Bafta glory for Optimus Prime

MASSIVE CGI robot Optimus Prime was the big winner at last night’s Baftas, picking up Best Male Actor and Best Massive CGI Robot.

In his acceptance speech, Prime, 47, thanked director Michael Bay and his co-stars Megatron, Starscream and Ratchet. He also paid tribute to that one who turned into a C90 cassette, who was found dead in his hotel room last November.

The star and co-writer of Transformers 3: Dark of the Moon was presented with his best actor gong by Dame Helen Mirren, with whom he will appear in an all-Transformer Hollywood remake of The Artist.

His grating metallic voice audibly wobbling with emotion, the 300-ton combat robot made of pixels then delivered a powerful homage to the craft of robot filmmaking.

He sad: “This isn’t just an award for me, it’s a vote of confidence for the entire industry in the sheer power of film to excite and enthral, to entrance and seduce.

“For, although we are still, essentially, but humble players who strut and fret our hour, it is possible through the magic of celluloid to touch the hearts of millions.”

He then crushed the trophy in his colossal steel fist, turned into a truck and drove offstage.

Although securing two awards, Prime failed to win Best Robot Actor, which instead went to Cillian Murphy for the ninth year in a row.



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Greece 'stuck between a rock and actually paying tax'

GREECE could be forced to set up some kind of tax system, the country’s prime minster has admitted.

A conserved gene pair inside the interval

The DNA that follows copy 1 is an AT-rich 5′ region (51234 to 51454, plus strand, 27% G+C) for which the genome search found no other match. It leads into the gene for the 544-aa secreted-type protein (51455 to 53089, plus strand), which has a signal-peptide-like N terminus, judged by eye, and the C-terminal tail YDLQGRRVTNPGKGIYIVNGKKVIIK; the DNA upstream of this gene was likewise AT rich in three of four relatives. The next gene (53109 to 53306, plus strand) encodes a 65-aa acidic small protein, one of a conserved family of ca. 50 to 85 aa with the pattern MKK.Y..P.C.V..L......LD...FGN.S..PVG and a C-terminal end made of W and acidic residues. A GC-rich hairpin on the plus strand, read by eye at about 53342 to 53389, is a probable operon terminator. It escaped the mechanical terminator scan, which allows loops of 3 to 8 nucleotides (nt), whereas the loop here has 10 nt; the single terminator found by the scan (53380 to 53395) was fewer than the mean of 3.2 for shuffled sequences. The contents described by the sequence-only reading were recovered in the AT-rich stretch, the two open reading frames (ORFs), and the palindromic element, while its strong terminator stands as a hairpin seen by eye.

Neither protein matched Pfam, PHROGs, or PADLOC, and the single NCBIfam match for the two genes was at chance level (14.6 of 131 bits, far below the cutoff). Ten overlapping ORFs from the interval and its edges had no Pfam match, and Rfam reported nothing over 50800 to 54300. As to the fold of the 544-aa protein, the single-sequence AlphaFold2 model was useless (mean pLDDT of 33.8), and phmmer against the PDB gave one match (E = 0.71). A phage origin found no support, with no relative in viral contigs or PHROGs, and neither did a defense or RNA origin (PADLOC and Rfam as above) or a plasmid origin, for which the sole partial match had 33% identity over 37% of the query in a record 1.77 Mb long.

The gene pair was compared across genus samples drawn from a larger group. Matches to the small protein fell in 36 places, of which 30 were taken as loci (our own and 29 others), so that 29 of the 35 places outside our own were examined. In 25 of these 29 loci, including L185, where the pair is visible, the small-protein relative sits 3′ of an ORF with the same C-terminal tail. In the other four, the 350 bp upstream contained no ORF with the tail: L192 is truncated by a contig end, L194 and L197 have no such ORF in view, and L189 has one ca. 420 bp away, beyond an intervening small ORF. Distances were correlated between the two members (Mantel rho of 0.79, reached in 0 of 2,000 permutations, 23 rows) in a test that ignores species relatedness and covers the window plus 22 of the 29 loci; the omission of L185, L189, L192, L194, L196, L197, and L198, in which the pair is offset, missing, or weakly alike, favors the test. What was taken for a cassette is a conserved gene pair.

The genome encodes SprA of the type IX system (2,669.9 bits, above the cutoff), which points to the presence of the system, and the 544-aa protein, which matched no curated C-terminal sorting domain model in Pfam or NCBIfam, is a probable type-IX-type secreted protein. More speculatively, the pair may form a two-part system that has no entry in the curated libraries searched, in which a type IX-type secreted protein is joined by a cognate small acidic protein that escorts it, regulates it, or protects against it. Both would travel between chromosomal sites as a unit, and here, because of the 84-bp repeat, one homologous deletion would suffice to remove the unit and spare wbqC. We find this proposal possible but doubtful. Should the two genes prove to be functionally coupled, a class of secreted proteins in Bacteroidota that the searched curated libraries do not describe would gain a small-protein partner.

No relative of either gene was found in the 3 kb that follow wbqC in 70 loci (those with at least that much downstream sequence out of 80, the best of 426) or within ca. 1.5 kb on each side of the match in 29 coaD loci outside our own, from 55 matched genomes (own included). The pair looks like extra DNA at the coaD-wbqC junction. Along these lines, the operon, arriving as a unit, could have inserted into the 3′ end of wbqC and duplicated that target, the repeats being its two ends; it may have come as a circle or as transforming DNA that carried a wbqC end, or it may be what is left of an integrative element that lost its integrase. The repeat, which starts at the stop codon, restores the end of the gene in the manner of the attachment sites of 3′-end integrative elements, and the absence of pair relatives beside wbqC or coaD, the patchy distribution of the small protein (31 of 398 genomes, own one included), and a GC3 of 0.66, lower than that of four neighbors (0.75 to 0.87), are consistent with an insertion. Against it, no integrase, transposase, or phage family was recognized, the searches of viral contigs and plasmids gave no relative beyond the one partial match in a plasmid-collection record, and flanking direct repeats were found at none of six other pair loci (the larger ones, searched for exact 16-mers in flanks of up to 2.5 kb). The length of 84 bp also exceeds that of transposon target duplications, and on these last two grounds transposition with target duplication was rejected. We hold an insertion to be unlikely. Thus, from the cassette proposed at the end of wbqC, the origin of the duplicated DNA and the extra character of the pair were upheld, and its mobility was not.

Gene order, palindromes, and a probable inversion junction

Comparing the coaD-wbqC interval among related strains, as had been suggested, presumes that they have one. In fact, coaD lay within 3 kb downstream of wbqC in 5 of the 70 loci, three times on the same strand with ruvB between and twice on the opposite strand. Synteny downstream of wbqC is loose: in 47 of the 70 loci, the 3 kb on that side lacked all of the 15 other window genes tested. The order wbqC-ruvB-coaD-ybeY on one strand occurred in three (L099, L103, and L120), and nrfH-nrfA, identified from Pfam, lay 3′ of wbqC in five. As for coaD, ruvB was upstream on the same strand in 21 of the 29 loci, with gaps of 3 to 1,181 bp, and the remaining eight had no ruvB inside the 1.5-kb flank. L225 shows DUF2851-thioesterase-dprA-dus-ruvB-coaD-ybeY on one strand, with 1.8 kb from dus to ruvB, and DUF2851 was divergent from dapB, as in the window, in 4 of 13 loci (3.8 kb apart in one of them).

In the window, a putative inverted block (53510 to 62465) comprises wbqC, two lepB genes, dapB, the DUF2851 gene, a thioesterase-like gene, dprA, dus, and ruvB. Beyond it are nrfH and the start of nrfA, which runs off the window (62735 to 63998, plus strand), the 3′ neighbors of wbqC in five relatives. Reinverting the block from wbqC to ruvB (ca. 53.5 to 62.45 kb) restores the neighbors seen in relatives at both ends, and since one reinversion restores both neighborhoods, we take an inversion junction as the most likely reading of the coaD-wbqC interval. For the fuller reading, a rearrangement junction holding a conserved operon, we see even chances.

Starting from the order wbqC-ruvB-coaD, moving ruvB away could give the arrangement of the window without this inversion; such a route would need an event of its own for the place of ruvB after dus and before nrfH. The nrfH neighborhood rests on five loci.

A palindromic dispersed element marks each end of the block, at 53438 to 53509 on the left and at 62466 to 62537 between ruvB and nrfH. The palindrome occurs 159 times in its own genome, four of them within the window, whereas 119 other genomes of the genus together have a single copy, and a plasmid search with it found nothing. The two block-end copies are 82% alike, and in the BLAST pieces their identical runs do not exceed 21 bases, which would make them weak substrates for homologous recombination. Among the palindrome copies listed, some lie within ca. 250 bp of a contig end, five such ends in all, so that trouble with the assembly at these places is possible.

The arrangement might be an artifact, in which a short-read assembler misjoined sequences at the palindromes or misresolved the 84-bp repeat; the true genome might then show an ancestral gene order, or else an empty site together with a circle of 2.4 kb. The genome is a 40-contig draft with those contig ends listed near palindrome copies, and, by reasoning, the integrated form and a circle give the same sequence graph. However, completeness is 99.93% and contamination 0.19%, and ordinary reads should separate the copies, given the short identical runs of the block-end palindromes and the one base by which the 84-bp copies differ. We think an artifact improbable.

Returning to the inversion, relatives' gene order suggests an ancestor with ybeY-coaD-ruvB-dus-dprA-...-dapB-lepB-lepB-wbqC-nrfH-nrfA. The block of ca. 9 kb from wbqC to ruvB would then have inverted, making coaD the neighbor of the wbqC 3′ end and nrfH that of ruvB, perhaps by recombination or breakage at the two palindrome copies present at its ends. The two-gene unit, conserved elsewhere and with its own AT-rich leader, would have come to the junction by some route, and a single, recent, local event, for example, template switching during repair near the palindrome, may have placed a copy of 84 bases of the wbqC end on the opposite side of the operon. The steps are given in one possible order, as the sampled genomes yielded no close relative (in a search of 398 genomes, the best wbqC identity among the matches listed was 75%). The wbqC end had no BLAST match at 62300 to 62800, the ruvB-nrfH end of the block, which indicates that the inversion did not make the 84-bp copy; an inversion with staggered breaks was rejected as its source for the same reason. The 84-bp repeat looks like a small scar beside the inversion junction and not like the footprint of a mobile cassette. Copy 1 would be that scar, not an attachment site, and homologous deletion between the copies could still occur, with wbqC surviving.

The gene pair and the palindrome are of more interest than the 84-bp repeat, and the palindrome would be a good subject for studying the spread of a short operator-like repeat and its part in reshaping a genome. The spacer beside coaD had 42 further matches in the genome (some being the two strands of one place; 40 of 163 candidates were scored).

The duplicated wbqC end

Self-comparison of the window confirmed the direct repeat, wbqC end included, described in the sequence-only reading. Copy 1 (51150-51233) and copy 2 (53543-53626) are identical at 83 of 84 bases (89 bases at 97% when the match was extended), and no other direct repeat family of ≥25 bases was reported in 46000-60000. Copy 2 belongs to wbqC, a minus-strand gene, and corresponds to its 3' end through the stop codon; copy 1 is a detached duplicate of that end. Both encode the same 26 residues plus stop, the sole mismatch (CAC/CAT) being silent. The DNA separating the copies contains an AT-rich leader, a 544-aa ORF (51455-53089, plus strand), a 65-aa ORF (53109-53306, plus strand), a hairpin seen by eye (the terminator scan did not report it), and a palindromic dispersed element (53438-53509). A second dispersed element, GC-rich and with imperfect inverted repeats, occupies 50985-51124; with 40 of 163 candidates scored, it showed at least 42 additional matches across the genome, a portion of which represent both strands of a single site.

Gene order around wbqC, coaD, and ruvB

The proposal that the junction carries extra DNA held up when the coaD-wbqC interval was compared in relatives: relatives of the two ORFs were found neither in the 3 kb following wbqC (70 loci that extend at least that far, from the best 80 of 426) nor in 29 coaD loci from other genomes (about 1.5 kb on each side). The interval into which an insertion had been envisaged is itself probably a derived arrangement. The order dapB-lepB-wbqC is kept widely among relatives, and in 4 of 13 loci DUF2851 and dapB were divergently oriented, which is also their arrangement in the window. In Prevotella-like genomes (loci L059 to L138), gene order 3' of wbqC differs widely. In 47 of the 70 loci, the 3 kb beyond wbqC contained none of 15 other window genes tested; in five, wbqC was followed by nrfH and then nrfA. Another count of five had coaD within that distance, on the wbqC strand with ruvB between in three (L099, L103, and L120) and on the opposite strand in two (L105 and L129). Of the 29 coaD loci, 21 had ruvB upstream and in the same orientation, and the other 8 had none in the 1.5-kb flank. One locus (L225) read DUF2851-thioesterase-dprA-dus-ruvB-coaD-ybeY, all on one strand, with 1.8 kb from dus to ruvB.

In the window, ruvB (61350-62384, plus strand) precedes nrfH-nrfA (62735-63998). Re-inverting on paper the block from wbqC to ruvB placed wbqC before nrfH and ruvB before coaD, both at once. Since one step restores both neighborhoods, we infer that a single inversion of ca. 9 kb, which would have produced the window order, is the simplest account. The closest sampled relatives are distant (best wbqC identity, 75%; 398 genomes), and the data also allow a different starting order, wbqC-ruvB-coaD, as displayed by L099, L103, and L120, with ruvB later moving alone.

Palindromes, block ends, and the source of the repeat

As MPs in Athens passed a new round of reality measures, Lucas Papademos warned the country now faced the ‘impossible choice’ between total economic ruin and VAT.

He said: “It seems we are going to have to do stuff and then pay tax on the money we get from doing the stuff. Where does one even begin?”

Initial ideas for new Greek industries include pretending everything will be fine and setting fire to large public buildings.

Papademos added: “What if we tax arson at 30 percent and pretending at 40 percent? I think that’s how it works.”

Economist Julian Cook said: “The issue of whether or not Greece stays in the Euro still seems to be relevant, which I do find incredibly sweet.

“It’s a bit like someone who owes you fifty quid asking if you take invisible credit cards.”

He added: “At least Mr Papademos has finally hit upon the doing and taxing of ‘stuff’.

“And while it’s not for me to tell the Greeks what stuff they should do, I suspect it will have to involve sunshine and delivering cheap lager to fat, horrid, working class English people.

“And there, I think you will find, is your ‘hard place’.”